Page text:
Phaser Scratch Builds & Kidstuff: A Retrospective

Discussion in 'Replica Props' started by Felgacarb, Dec 23, 2011.

  1. Felgacarb

    Felgacarb Well-Known Member

    Trophy Points:
    936
    This is more of an indulgence than a build thread, so feel free to skip ahead a laugh at the photos!

    Long before I made costumes, I was more of a prop guy. Around junior high age, I began using my father's woodworking tools to build replicas. My favorite then, as now, was Star Trek, so a solid 50% or so of what I've worked on have been phasers. And, for no good reason whatsoever, I still have many of my early attempts.

    So, with that ramble out of the way, here is my first "serious" attempt a scratch built TOS phaser. I think I was about 13 at the time:

    [​IMG]

    It featured hand carved handle details, (all wrong!) a detachable phaser I, and velcro stapled to the side. It was worn to a convention.

    The second try was more ambitious-

    [​IMG]

    It reused the P1 from the earlier model, as well as the nozzle and knob. This one though had a detachable handle, a push button (Radioshack) switch and would light up.

    By the time I was 15, I was getting more serious. And finding better reference materials. (Well, for the times...) With the "Starfleet Technical Manual" in hand (thank you Franz Joseph!) I took on the classic phaser again:

    [​IMG]

    [​IMG]

    [​IMG]

    This one I really liked. Again, velcro, detachable P1. It also featured a separate switch, battery & light in the P1, so that would light up independently. This was pretty much all solid wood, with hand carved details- I was very proud of the 'stripes' on the sides. (And I still have a scar in my left hand from where the exacto knife skipped off the wood into me...)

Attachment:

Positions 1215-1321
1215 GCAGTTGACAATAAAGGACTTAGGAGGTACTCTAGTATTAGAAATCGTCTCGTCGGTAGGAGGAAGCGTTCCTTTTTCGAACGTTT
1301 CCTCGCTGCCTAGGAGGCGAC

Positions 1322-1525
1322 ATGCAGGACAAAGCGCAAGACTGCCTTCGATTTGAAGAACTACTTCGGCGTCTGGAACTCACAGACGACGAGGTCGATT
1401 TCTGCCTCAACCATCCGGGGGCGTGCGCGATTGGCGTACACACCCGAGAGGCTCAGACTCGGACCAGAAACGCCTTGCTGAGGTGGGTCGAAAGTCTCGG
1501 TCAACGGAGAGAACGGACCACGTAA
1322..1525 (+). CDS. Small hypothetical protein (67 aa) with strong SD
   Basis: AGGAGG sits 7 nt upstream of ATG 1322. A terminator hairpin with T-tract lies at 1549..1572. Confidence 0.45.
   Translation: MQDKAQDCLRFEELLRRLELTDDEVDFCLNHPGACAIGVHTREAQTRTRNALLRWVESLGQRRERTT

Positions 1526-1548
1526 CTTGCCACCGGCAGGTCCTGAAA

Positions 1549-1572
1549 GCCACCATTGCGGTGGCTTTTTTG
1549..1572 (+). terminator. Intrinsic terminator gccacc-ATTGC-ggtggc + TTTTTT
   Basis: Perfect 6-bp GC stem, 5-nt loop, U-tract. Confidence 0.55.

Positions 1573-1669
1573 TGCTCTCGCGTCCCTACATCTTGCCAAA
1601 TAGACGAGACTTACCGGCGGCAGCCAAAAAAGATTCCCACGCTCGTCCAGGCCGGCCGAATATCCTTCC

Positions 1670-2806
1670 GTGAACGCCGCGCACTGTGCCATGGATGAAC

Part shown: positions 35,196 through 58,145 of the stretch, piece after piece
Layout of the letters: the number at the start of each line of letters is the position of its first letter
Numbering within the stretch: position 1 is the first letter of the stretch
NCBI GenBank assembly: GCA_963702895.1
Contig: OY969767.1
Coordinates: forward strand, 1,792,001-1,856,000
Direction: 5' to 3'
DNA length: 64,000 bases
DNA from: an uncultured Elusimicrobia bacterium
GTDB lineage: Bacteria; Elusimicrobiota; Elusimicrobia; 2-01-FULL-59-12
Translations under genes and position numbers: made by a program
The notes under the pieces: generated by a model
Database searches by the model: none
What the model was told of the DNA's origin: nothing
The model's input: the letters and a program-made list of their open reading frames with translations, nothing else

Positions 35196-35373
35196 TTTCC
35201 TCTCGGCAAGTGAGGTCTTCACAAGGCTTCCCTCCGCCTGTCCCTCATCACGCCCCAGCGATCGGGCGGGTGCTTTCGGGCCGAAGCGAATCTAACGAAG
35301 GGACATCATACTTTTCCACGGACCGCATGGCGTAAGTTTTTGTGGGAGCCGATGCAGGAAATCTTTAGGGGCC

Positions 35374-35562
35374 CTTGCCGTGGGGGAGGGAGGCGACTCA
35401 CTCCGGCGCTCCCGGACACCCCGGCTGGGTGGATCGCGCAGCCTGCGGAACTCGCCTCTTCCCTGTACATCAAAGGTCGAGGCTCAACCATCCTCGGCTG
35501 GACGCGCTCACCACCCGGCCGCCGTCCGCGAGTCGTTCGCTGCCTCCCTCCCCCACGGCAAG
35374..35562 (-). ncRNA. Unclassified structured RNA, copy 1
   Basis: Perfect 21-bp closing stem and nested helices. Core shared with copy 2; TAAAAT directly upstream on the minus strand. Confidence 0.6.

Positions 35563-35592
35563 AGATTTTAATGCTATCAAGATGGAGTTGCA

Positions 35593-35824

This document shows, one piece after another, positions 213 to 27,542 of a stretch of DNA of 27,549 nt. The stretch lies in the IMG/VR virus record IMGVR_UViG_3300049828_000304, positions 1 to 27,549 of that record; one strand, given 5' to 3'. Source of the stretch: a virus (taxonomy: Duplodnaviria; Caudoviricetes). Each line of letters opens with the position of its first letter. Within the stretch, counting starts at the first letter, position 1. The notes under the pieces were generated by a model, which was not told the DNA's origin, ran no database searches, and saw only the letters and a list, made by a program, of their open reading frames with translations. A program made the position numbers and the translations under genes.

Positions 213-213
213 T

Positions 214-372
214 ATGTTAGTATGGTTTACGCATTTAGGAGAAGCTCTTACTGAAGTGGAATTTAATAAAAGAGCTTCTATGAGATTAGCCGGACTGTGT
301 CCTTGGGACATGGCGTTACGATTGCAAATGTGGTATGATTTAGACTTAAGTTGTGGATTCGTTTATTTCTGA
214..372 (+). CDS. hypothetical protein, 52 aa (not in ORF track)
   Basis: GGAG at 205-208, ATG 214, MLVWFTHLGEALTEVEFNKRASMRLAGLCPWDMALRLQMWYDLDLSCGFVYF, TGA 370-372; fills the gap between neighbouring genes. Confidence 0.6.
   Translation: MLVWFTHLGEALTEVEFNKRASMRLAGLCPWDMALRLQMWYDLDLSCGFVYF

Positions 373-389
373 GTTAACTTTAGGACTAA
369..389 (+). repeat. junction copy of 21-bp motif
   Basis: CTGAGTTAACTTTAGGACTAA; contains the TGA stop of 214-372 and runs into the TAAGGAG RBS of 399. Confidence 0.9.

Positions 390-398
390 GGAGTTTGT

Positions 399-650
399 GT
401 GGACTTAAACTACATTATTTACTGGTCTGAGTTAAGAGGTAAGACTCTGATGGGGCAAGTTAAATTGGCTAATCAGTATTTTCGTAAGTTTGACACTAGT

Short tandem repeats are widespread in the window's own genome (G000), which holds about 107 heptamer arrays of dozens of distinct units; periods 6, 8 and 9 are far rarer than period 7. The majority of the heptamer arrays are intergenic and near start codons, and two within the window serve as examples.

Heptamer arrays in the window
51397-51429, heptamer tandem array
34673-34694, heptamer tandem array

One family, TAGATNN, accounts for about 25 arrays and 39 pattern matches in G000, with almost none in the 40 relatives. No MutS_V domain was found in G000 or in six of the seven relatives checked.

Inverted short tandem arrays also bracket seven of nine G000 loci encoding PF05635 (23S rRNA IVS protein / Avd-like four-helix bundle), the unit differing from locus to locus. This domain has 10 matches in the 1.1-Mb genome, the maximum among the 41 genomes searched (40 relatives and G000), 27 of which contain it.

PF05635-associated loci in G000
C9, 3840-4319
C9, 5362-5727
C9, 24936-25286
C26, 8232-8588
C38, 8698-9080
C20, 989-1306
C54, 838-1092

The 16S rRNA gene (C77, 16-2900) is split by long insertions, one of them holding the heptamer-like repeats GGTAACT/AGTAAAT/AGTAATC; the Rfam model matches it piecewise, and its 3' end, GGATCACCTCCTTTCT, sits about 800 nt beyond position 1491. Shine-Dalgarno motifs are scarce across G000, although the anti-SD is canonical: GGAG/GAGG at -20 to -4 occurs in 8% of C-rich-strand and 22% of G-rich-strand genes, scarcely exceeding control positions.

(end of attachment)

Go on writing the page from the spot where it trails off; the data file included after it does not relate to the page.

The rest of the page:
About the same time, I also go a copy of "Mr. Scott's Guide to the Enterprise" (Shane Johnson) and so I tried some movie phasers:

    [​IMG]

    [​IMG]

    [​IMG]

    [​IMG]

    These were static props, solid wood (As you can see from the fairly obvious woodgrain visible in most of these.) I'm still fond of the ST:III version.

    Now partway though highschool, I had some new trek on TV, and new props to pursue:

    [​IMG]

    [​IMG]

    I was never entirely happy with either of those, although the cricket did see use at cons- It fit well into the hidden waist pocket of my TNG Gordi jumpsuit.

    Things were changing on the prop scene quickly at this time- suddenly, some of the toys on the market didn't suck anywhere near as much as the previous ones, and resin kits could sometimes be found even at cons in my small hometown.

    [​IMG]

    So here we have a slightly modified Playmates phaser, and a casting purchased at a con. (And painted up a bit dark, I think now...)

    I was about to graduate, so it was time to give the old TOS phaser one last try. Now I had seen better examples & pictures (trading cards, magazines, the playmates toy) and felt prepared to get it right this time.

    [​IMG]

    [​IMG]

    [​IMG]

    This was static, solid wood. No velcro- it did have a small wire clip on one side, and it was worn on a couple of occasions.

    Then, no longer living at my parents place, I didn't have full time access to my dad's tools, so I did something that seemed crazy expensive at the time, I bought a complete solid resin replica.